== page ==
Tuesday, June 10. Kigali, Rwanda


Last night was surreal. Shirley casually asked if I cared to go to the U.S. Embassy, where the Kigali chapter of the Rotary Club meets. Of course! She had to work late, then rushed home to pick me up and drove hell-bent through Kigali’s darkened streets in her match box of a car. Scary.

The Embassy opened in February when George W. Bush was here for the formal dedication – a dubious distinction. It’s an enormous, cold block of a building – a prison. After leaving our passports with a guard, then passing through countless security clearances and massive steel doors, we enter a lobby with oversized portraits of Bush, Cheney and Condoleezza Rice. Each with a huge, fun-house grin. The effect is comic. “You’ve got to be kidding!” I murmur under my breath.


Marthe Bappock, first woman president of Kigali’s Rotary Club

(For more on Marthe, see www.ifuw.org/rwanda/profiles/bappock.shtml.)

In a large, utilitarian room a group of Rotarians, mostly Rwandan, are dressed in suits and acting jolly. Each person shakes the hand of every other person in the room. The U.S. Ambassador is a large, pear-shaped man who speaks adequate French, but with a ghastly accent. After a Power Point presentation on the Rotary Club’s history of polio-research funding, we move to a larger room where the group’s first woman president, Marthe Bappock, chairs a meeting.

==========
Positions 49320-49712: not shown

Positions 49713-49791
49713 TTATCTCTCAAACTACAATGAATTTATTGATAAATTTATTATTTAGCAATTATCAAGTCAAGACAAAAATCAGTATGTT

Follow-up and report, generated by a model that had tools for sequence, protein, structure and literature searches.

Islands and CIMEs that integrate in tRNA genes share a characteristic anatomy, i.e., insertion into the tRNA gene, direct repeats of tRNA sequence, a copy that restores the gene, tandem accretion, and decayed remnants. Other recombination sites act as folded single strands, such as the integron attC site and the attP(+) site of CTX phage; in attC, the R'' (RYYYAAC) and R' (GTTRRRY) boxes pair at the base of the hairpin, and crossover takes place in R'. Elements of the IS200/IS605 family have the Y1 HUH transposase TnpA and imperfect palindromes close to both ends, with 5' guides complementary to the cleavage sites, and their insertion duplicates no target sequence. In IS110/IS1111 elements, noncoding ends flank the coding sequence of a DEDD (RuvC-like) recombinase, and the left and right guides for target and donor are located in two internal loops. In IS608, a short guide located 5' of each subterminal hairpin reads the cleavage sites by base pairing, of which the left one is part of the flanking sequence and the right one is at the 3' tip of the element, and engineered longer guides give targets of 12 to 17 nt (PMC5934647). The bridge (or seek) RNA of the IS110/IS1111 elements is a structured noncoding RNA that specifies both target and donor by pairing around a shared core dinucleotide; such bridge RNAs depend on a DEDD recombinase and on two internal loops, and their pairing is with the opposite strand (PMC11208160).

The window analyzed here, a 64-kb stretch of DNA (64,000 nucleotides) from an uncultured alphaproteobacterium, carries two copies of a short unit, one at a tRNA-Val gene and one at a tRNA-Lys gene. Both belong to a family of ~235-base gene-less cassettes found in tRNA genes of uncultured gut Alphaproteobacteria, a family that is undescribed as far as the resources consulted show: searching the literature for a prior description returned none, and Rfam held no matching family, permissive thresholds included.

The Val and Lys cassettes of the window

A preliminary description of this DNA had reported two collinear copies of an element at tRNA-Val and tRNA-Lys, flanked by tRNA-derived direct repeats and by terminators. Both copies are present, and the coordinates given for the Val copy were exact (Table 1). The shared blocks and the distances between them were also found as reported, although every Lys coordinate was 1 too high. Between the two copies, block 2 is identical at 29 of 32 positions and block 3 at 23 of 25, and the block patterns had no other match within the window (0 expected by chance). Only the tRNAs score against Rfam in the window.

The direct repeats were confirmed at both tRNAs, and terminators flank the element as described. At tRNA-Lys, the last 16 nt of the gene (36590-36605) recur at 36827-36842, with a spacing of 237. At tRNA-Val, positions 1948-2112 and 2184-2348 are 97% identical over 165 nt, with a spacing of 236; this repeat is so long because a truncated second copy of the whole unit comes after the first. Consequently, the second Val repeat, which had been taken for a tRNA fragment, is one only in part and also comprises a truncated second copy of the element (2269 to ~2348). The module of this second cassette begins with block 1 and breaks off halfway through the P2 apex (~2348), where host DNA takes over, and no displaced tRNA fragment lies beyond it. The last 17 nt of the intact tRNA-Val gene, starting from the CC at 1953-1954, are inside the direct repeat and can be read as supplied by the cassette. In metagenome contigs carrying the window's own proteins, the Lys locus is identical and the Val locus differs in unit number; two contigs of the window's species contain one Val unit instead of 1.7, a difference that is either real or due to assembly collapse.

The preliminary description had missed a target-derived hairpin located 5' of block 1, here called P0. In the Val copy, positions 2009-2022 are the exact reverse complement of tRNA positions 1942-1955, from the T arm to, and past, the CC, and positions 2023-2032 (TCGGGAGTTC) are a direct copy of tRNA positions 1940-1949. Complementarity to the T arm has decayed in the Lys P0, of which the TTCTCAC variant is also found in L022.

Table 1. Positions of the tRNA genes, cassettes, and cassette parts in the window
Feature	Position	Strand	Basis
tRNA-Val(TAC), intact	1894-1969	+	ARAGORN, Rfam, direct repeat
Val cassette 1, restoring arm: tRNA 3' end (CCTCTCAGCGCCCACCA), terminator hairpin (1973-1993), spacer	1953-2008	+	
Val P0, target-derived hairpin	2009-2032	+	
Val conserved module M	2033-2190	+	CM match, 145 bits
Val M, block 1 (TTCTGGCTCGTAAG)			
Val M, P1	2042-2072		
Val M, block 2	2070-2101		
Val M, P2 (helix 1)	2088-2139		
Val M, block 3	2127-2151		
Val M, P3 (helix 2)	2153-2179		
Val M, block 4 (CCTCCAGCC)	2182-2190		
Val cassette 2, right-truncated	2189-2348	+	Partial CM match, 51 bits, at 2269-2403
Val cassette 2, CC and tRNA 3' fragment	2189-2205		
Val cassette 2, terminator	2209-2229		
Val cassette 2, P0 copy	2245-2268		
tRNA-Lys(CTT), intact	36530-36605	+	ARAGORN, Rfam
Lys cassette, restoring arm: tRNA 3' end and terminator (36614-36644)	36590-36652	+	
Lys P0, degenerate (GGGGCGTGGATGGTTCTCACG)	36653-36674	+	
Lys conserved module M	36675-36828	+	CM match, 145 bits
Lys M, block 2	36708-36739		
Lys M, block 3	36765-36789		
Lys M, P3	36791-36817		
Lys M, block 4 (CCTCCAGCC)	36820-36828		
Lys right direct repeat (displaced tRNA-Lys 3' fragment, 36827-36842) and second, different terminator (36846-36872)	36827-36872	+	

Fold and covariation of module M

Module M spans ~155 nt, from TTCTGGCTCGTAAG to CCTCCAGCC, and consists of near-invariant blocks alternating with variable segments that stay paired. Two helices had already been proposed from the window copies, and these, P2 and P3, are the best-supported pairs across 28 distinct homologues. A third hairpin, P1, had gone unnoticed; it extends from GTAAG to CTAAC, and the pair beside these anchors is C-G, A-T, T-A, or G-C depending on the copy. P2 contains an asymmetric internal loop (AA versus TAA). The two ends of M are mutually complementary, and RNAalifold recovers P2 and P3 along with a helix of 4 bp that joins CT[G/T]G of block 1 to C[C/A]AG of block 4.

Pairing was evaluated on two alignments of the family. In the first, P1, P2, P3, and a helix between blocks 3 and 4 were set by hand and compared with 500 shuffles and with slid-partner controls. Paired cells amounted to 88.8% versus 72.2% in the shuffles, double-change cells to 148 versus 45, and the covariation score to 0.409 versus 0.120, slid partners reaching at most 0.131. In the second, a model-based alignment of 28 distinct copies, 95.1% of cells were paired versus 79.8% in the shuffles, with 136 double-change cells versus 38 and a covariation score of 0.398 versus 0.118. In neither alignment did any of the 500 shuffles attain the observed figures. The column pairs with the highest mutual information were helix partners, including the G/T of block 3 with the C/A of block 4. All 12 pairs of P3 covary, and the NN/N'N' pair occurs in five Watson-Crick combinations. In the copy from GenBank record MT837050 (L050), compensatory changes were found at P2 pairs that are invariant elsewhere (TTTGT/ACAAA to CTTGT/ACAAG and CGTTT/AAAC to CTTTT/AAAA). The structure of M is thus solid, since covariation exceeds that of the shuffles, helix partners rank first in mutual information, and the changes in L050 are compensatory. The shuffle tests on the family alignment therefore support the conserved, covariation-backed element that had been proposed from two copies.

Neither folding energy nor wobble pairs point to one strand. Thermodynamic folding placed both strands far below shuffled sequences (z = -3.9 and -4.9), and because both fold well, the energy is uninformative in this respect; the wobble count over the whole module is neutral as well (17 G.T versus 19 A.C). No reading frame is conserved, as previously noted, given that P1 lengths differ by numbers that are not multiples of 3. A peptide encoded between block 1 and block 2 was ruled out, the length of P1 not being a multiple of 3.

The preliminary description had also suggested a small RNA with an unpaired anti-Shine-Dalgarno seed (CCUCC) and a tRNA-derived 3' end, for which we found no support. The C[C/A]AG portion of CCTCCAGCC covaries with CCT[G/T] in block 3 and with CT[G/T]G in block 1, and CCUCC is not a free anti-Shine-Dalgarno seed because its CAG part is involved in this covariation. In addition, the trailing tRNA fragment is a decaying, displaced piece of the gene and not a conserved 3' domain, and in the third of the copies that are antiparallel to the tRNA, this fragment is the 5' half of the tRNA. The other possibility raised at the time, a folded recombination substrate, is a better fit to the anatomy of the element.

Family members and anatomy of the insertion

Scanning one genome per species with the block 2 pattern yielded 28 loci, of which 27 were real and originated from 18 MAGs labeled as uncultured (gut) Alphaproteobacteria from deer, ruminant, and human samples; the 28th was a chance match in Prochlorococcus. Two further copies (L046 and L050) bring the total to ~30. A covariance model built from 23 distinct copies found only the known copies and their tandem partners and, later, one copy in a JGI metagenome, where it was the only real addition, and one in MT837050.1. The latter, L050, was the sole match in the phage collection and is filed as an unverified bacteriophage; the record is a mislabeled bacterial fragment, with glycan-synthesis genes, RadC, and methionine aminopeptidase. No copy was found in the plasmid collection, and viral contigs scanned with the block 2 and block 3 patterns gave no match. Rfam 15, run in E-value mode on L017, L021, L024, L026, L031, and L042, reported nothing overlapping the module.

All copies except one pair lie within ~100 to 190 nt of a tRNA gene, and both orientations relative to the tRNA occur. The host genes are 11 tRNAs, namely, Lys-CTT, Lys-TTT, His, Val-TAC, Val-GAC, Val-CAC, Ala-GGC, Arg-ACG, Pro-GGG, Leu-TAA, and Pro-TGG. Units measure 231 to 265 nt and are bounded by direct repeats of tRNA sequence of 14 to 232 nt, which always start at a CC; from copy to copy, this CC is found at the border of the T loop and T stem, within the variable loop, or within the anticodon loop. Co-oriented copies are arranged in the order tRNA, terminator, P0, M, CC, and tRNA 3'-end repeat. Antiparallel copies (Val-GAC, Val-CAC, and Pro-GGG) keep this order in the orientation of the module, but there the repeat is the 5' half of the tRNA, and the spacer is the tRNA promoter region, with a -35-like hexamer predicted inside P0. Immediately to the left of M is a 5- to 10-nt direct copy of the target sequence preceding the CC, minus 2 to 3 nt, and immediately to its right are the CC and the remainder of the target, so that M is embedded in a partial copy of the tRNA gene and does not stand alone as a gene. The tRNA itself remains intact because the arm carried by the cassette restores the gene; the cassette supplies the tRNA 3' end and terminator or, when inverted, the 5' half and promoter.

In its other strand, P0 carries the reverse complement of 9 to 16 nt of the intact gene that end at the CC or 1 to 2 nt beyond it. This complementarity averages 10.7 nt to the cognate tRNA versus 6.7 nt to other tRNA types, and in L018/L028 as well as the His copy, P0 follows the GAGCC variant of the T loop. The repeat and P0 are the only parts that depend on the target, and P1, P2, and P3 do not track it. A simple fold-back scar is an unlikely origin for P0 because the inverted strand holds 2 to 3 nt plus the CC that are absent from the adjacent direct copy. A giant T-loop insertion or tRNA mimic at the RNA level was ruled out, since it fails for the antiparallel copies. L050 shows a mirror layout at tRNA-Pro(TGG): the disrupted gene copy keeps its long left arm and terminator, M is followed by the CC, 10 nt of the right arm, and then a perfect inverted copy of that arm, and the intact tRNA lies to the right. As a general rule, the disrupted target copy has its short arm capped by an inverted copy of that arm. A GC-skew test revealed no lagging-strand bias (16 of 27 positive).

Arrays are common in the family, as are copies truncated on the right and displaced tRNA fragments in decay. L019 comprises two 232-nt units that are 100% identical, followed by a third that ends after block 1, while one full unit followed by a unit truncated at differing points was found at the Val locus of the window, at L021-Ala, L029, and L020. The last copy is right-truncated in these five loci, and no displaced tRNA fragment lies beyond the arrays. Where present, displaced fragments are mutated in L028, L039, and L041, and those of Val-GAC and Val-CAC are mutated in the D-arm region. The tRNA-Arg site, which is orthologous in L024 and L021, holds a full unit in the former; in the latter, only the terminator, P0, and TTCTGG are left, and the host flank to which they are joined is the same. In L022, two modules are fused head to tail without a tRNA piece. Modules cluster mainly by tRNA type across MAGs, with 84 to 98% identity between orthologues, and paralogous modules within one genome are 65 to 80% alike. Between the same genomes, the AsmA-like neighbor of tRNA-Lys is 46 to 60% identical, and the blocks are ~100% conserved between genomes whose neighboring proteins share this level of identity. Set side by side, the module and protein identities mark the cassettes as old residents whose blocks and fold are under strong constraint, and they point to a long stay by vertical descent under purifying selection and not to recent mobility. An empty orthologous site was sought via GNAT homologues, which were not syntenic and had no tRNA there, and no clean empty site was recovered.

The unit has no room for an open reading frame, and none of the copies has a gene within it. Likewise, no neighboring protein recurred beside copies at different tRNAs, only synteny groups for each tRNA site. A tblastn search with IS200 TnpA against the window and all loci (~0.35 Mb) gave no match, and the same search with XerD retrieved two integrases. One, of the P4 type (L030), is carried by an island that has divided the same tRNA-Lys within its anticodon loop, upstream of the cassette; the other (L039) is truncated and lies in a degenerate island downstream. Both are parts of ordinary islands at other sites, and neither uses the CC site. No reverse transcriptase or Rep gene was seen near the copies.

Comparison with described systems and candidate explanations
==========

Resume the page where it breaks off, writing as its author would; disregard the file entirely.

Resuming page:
The meetings is run according to parliamentary procedure, while the Rotarians drink and snack. Two of the men play class clown, injecting jokes and zingy asides to lighten the evening. Later I discover that one of jokesters is Jean-Baptiste Gasasira, a prominent doctor who treated the sheltered Tutsis at the Hotel Milles Collines. This is a man who lived through the most horrific nightmare; who risked his life by maintaining friendships with exiled Tutsis living outside Rwanda before the genocide, and administering to Tutsis during the genocide.

Dr. Gasasira on the right, his wife Odette Nyiramilimo on the left.

Survivors and heroes: Dr. Jean-Baptiste Gasasira (right); his wife, Dr. Odette Nyiramilimo (left).

The story of Jean-Baptiste and his wife, Odette, also a physician, is one of the plot strands in Philip Gourevitch’s wonderful history of the genocide, “We Wish to Inform You That Tomorrow We Will Be Killed With Our Families.” Before the genocide he and Odette worked at Central Hospital in Kigali and, Gourevitch writes, “were living very close to the top of the Rwandan ladder, with government housing and cars and a busy social life among the Kigali elite.” As the genocide approached, Jean-Baptiste and Odette were paying $300 per day in protection money to a group of local police. One of Odette’s sisters was killed in the north, and another hid for three days in a chicken coop that belonged to nuns.


“During the genocide,” writes Gourevitch,” the work of the killers was never regarded as a crime in Rwanda; it was effectively the law of the land, and every citizen was responsible for its administration.” So how, 14 years later, does Jean-Baptiste manage? Is this some kind of miracle, that he should be sitting next to me at a silly function in the super-fortified U.S. Embassy, playing the giggling imp and piercing the bubble of parliamentary pomposity? Did he carve a schism in his heart, so that one half of his soul could mourn and remember, and the other half forget?

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